Building cloud infrastructure to support research, virtual labs

Chris Wiesemann, Data Center Infrastructure Engineer

Editor’s note: Duck of the Week is a section in Around the O Workplace that highlights UO employees and their work. Each story features an interview with one employee, in his or her own words, with light editing for clarity and length only.

Chris Wiesemann
Data Center Infrastructure Engineer

How long have you worked at the UO?

I started as a student employee in 2001, and became a part of the full-time staff in 2004. Depending on how you want to count it, I’ve either been here 17 years or 20.

Tell us about your work:

I work as an infrastructure engineer, which means I run the infrastructure under UO’s servers. I'm part of the team that runs the university’s private cloud, which is used on campus to run our web servers. Researchers also use them to do their data analysis. My role now consists of serving as an architect for the next iteration of the private cloud that we are preparing to install.

My position actually shifted in the middle of COVID-19, so I’m six months into my new job. In my previous role, I was responsible for our campus virtual desktops. Those responsibilities included running the infrastructure and facilitating the use of remote lab computers. I am the subject matter expert on remote virtualization on campus, which significantly impacted how life was under COVID-19.

What does your typical day look like?

My typical day in my new job consists of working from 9 a.m. to 6 p.m. in my home office. I attend meetings and conduct all my duties virtually. This experience is basically the same as it would be on campus, with the one difference being that I am an extrovert and like talking to my coworkers in person. There’s no longer that water cooler element or the walk next door to solve a technical problem. I miss that piece, and look forward to the day we get back to that.

My job has changed a lot over the past year. Since my specialty is enabling remote education, when this transition started, I went from working eight-hour days to 16-hour days for almost two months. I facilitated remote access for a variety of programs and helped with data management for the College of Education clinics. I also assisted with the launch of our campus-wide virtual labs and supported specialized projects like research analysis or Bill Harbaugh’s econ 419 class.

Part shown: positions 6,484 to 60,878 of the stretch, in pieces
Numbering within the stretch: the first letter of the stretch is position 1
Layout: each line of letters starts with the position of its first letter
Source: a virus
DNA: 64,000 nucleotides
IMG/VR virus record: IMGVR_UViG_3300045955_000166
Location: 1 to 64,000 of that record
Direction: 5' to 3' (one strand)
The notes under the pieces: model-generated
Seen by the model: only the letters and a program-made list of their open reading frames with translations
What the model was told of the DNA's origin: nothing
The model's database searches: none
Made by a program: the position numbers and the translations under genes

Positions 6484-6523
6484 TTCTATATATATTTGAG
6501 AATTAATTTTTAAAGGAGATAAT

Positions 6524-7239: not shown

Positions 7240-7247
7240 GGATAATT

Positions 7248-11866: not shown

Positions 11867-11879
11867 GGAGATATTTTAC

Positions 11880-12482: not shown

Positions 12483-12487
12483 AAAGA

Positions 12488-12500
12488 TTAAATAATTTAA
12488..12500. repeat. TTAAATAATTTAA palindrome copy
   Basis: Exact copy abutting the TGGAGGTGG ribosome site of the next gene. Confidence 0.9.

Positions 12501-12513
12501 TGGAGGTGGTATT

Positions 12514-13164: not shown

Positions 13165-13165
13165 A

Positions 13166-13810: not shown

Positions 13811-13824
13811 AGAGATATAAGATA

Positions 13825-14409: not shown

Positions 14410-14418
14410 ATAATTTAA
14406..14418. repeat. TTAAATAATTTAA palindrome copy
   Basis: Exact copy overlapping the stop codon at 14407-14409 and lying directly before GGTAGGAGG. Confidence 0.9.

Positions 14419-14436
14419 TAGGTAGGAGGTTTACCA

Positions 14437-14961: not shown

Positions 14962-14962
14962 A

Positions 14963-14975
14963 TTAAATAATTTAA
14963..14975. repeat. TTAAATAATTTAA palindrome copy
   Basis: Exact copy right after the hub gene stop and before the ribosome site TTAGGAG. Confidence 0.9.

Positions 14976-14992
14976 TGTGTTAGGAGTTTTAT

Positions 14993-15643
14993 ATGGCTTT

What do you like about working at the UO?

The best part about working at the UO is the students. Most of my roles at the UO involve directly working with students, so I enjoy seeing them evolve over time. Witnessing students grow, stumble and gain maturity over the course of their college experience is the thing that keeps me at the UO.

I have been here for 20 years, which is long enough to witness my student employees become employees, and my past coworkers become managers. Watching this evolution of people who choose to stay at the UO and care greatly for higher education is what makes working here rewarding.

What keeps you motivated?

What drives me is really solving problems and helping the institution deliver on its goals. My specialty is really just coming into an organization, finding a problem that needs to be solved and helping solve it. I keep doing that over and over. But what kind of keeps me motivated is solving nerdy problems.

What is something people may not know about you?

Despite the fact that I work with computers all day long, I don’t own a personal one. I have reached a point in my life where computers are my job, not my hobby. When I worked on campus, I spent my days working with them to go home and do other things. Now, I have to compartmentalize my work and home life because my free time is spent with my two children.

Chris Wiesemann is part of Information Services.

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